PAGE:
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  • - [Presenter] You might think the process that determines

  • how much you pay for something is pretty straightforward,

  • and it often is.

  • For example, here's the supply chain for a beverage

  • you might buy at the drugstore, say, a Pepsi.

  • Pepsi Co. Manufactures the soda and sends it

  • to a retailer, who sells it to a customer.

  • The customer pays the retailer,

  • and the retailer pays Pepsi Co.

  • Simple, right?

  • Well, that is not the case for the products

  • behind the pharmacy counter.

  • The drugs.

  • Here's a typical supply of chain for prescription drugs.

  • It looks really different.

  • That's because the way that drugs are priced

  • is not at all a straightforward process.

  • Experts and politicians argue that the very complexity

  • of this chain is part of why drug prices

  • have grown so high for customers.

  • - Everyone involved in the broken system,

  • the drug makers, insurance companies,

  • distributors, pharmacy benefit managers,

  • and many others contribute to the problem.

  • - [Presenter] To understand this debate,

  • first, you should understand the flow of drugs and money

  • within this chain.

  • Let's start here with the pharmaceutical companies.

  • They are the ones who develop a drug and set a price,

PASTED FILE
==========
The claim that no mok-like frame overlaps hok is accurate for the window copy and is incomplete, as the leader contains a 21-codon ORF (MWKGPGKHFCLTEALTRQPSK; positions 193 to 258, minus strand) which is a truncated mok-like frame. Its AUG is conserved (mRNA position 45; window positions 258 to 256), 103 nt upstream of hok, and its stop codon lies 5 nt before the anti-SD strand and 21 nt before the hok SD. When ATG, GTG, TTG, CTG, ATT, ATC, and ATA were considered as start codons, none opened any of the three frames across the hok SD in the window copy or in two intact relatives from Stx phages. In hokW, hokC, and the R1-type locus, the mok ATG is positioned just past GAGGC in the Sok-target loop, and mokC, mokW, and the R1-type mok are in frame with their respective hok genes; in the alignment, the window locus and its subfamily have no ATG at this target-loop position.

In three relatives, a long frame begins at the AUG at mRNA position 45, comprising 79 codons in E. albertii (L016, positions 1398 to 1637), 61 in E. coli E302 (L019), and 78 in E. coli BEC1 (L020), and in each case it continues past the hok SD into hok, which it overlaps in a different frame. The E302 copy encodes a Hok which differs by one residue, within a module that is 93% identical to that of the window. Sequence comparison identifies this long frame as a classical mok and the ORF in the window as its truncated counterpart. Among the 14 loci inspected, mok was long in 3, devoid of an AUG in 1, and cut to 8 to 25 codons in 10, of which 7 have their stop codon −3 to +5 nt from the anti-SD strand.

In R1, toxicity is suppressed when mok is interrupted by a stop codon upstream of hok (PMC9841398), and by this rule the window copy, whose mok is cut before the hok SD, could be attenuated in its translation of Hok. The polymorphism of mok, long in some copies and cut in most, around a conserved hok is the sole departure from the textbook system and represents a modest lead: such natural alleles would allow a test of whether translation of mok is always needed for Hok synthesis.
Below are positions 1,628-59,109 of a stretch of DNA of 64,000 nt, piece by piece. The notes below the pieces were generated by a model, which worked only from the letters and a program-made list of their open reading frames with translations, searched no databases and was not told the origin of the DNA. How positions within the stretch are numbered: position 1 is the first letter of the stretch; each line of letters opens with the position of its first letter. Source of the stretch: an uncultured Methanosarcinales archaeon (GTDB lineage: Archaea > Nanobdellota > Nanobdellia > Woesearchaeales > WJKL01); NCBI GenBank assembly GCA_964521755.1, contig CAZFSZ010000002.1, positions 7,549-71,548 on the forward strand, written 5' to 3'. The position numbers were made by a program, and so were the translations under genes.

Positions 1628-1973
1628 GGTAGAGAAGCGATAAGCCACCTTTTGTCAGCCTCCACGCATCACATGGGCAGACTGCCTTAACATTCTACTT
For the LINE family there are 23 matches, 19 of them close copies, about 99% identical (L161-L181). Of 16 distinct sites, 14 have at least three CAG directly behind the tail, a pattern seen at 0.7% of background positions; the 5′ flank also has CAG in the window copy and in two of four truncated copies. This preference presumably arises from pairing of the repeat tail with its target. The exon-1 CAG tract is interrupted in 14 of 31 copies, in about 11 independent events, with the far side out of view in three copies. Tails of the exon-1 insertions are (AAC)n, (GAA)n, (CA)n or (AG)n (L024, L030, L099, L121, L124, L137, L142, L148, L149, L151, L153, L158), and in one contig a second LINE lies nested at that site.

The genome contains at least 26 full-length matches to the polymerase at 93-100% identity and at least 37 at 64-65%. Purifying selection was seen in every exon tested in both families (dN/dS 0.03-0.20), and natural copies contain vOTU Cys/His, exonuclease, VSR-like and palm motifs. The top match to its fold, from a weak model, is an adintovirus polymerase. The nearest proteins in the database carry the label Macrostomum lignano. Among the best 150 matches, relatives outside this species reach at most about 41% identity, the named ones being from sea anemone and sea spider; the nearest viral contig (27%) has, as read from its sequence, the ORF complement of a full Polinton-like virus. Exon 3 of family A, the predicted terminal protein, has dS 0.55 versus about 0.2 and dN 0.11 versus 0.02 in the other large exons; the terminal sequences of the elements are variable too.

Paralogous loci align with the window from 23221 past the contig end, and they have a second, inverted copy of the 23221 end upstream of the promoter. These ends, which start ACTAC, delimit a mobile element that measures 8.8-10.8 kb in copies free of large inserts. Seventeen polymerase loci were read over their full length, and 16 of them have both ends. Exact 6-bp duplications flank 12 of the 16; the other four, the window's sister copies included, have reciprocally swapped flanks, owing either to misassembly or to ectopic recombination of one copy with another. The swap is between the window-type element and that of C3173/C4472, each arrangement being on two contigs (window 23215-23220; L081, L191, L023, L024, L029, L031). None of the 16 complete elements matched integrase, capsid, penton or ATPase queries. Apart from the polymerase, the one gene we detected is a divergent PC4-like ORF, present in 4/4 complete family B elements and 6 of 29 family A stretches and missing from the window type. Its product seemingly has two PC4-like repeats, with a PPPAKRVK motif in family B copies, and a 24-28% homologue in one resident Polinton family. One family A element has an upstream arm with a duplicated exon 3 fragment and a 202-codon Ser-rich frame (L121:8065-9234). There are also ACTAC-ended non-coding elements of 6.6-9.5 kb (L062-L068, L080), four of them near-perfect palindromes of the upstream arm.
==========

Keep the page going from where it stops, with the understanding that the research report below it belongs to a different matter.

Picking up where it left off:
• known as the list price.

  • This isn't a straightforward as it might look,

  • which I'll explain in a moment.

  • Next you have the wholesalers who transport the drugs

  • and sell them to the pharmacies.

  • The patient pays the copay and the pharmacy sends out

  • a bill that gets paid by the insurance company.

  • That's simple enough, but we're missing a link.

  • The link that manages this transaction and adds

  • a lot of complexity to the chain.

  • Meet the pharmacy benefit managers or PBS.

  • They are who the drug companies and some politicians

  • are talking about when they refer to middle men.

  • They work for insurance companies,

  • big employers, and government agencies.

  • And a big part of their job is to bring down

  • the cost of drugs for their employers.

  • They do this by negotiating

  • with pharmaceutical companies for rebates.

  • Yup, for many of the drugs a pharmaceutical company sells,

  • it pays a rebate to the PBM.

  • The PBM sometimes pockets a portion of the rebate

  • and passes another portion on

  • to the insurance company or employer.

  • Why the pharmaceutical company pays these rebates

  • is the source of a lot of controversy.

  • What happens is the drug company gets moved up

  • on something called a formulary.

  • So what's a formulary?

  • It's the list of drugs that the insurance company covers.

  • And it's grouped in tiers.

  • Each tier represents what portion of the list price

  • the patient pays and what portion of the list price

  • the insurance company pays.

  • The highest tier in the formulary is the lowest copay

  • for the patient.

  • And the lowest tier is the highest copay for the patient.

  • When the pharmaceutical company pays a higher rebate,

  • the PBM will move the drug up on the formulary.

  • Pharmaceutical companies want high placement

  • on the formulary.

  • That's because patients are more likely to take the drug

  • that's most affordable.

  • And that usually means higher sales

  • for the pharmaceutical company.

  • If the patient wants to take a drug that's lowered down